The groundbreaking for Salt Lake City’s new solar farm took place on Tuesday, November 26. The solar farm is part of a “net zero” goal for the new Public Safety building and will produce about one megawatt of power and cost $3 million.
Net Zero is a term used when a building produces as much energy as it uses. The Public Safety building itself will incorporate green architecture and solar panels on the roof.
“The solar farm is a first in Salt Lake City,” said Mayor Ralph Becker. “We are utilizing a historical landfill — space that cannot be used for traditional development — to harness renewable energy and offset the energy use at the Public Safety building.”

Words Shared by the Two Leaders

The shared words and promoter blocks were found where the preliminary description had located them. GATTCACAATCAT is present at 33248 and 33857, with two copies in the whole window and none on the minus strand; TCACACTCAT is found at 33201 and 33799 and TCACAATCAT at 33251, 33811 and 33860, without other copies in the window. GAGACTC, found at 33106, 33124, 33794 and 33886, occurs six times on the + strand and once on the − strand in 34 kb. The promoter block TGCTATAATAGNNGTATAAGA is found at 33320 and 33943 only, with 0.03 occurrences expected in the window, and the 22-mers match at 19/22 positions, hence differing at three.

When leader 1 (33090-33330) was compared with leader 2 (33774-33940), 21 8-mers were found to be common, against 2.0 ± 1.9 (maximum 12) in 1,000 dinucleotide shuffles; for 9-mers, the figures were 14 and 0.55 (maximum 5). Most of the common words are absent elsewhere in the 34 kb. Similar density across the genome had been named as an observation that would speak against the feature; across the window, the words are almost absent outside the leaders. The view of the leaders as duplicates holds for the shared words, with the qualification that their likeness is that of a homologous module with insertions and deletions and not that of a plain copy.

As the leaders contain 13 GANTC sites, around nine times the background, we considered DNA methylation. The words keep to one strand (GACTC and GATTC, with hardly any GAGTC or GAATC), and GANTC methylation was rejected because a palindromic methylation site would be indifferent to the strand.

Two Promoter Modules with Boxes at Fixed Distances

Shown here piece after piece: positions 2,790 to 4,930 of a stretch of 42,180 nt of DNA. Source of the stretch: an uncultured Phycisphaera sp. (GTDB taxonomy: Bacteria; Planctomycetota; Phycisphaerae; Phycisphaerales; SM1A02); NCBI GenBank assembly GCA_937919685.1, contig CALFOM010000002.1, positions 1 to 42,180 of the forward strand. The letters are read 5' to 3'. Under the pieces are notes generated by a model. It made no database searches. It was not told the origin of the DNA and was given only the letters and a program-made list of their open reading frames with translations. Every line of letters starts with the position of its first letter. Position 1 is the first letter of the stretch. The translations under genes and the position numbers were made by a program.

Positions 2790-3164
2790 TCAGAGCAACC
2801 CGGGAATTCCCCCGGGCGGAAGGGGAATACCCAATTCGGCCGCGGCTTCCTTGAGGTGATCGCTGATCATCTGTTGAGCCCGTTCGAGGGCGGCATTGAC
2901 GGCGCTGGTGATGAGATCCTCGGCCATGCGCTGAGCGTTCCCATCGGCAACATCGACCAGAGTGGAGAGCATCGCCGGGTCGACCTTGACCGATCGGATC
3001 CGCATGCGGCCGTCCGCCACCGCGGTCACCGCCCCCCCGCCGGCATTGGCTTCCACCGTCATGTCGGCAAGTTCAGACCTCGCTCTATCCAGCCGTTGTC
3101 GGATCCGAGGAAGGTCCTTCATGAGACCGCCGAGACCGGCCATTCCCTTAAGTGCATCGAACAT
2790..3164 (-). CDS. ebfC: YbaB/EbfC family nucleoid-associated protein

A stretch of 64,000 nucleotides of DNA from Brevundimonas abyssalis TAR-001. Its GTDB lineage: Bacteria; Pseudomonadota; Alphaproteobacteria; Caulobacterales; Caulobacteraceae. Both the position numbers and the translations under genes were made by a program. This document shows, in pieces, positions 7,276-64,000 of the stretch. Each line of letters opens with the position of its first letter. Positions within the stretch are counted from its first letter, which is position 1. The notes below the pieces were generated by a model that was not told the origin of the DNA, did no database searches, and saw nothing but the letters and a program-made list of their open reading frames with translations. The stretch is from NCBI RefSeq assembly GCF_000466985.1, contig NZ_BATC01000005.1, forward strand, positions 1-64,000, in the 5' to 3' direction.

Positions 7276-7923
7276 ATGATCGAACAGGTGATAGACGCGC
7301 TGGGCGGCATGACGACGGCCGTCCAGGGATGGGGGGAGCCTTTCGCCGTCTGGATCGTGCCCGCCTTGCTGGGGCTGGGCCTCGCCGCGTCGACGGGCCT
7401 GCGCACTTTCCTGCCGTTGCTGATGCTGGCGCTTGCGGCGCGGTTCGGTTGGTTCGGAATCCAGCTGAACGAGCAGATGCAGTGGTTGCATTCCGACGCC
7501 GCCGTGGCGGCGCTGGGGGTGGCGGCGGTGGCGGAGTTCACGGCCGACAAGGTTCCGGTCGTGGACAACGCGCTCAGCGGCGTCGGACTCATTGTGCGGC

The solar farm will consist of 3,000 panels on about four acres around 1995 West 500 South. Vicki Bennet, Salt Lake City’s Director of Sustainability, says that the farm will pay for itself in ten years. At the groundbreaking, she and City Councilwoman Jill Remington Love encouraged residents to consider solar panels for their homes.
Renewable energy has been a hot topic lately due to the scientific discussion about global warming. The reduction of carbon emissions is one of many proposed solutions and the solar farm will save 1,036 tons of carbon emissions.
In the United States, solar panel installations have increased from 142 photovoltaic megawatts installed in the first quarter of 2010 to 832 installed in the second quarter of 2013. That is 585% increase.